There is no shortage of reminders these days of the recession and the snail's pace of its recovery. It is emphasized in a palpable fear and uncertainty of what may still lie ahead. It turns up regularly in stifling unemployment numbers and in the jittery, gyrating stock market.
It also surfaces in home foreclosures -- both in their alarming number and in the very visible form of vacant houses in the neighborhood, a blight that is comparatively new to our suburbs.
You know the sight -- a home owned one day by your friend and neighbor is empty the next. In the coming months, it stands out not for its curb appeal but for the knee-high weeds and peeling paint. Worse yet, another one appears down the street and a handful more pop up a few blocks away.
That scene is repeated in subdivisions across your community and a host of others just like it. It is a frustrating and serious problem for neighbors and local governments stuck with an unattended, unkempt home.
For many reasons, addressing the issue isn't easy, as the Daily Herald's James Fuller reported in a story Sunday, but doing so requires residents and local government working together.
It starts with people talking to local officials to identify vacant homes and reporting potential trouble in their neighborhoods.
Next, government must engage the legal process, find the lenders responsible for distressed property and hold them accountable for maintaining it.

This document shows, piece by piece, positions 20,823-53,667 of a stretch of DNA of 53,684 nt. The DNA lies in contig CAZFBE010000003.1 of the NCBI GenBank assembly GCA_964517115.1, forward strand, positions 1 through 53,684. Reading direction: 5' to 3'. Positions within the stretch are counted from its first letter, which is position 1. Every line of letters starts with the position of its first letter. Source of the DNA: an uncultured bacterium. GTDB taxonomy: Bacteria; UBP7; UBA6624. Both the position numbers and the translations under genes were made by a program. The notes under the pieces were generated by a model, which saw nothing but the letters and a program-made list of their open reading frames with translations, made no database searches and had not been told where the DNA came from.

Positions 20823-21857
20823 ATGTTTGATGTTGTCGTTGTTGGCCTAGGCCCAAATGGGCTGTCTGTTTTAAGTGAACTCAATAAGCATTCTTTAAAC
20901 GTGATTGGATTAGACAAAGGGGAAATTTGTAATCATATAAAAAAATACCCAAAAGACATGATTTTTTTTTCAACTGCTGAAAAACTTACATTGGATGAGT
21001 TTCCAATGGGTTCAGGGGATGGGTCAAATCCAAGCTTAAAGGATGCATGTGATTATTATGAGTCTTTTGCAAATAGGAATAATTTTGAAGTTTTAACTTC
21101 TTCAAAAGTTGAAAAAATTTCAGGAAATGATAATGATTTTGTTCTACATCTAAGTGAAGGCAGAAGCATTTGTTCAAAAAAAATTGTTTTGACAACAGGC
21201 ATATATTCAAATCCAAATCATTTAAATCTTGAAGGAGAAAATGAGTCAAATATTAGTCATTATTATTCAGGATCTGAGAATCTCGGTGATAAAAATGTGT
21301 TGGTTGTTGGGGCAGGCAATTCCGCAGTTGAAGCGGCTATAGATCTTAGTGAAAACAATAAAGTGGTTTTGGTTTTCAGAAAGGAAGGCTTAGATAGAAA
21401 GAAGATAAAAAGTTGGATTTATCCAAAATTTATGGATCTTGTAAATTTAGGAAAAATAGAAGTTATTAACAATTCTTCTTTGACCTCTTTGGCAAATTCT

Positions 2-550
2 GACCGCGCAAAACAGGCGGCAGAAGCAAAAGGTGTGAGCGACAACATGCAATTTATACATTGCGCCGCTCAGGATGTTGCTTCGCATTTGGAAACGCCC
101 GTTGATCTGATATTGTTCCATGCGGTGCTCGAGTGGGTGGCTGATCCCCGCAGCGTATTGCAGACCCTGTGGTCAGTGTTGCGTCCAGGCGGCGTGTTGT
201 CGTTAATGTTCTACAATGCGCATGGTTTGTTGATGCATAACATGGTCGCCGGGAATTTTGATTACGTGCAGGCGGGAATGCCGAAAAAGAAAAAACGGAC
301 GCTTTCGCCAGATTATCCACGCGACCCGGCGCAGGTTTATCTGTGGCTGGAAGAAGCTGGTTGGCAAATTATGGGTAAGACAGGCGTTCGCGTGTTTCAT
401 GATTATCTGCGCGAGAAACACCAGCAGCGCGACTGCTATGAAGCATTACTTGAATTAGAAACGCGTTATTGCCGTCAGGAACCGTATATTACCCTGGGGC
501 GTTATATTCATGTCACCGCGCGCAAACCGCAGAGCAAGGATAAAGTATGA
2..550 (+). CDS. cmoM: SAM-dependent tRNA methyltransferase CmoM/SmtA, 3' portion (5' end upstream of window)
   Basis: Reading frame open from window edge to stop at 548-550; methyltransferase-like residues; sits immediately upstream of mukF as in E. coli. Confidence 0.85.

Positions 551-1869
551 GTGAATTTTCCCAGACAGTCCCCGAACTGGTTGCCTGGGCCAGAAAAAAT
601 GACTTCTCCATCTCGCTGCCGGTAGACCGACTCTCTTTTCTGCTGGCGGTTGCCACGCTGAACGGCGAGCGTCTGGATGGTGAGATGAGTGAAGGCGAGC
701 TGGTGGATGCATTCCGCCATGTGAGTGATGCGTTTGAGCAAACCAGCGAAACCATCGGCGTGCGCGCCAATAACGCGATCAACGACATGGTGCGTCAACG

In short, we're all in this together.
Wrapping our arms around the foreclosure problem is daunting. It has grown virtually unchecked since the U.S. housing meltdown began in 2006. While 2010 was a record year with 1 million homes lost to foreclosure, RealtyTrac estimates 2011 will be even worse. In the six-county region, the Woodstock Institute estimates nearly 34,000 home foreclosures.
Complicating matters, experts say, is that it isn't always clear who is responsible for maintaining a property. Still, experts told Fuller there are some key ways to tackle the problem:
• Every community should have a vacant property registry that can be expanded with every vacant home report from residents.
• Officials should be proactive about working with police, utility companies and the post office that also have extensive vacant property lists to gather the information they need.
• Then, the responsible parties must be held accountable for the meeting property maintenance standards. Maybe that means fines for tall grass or tax liens on abandoned property to recoup costs of grass mowing and cleanup.
The number of foreclosures shows this isn't an isolated problem. NIMBY (not in my back yard) doesn't apply here.
This one affects us all.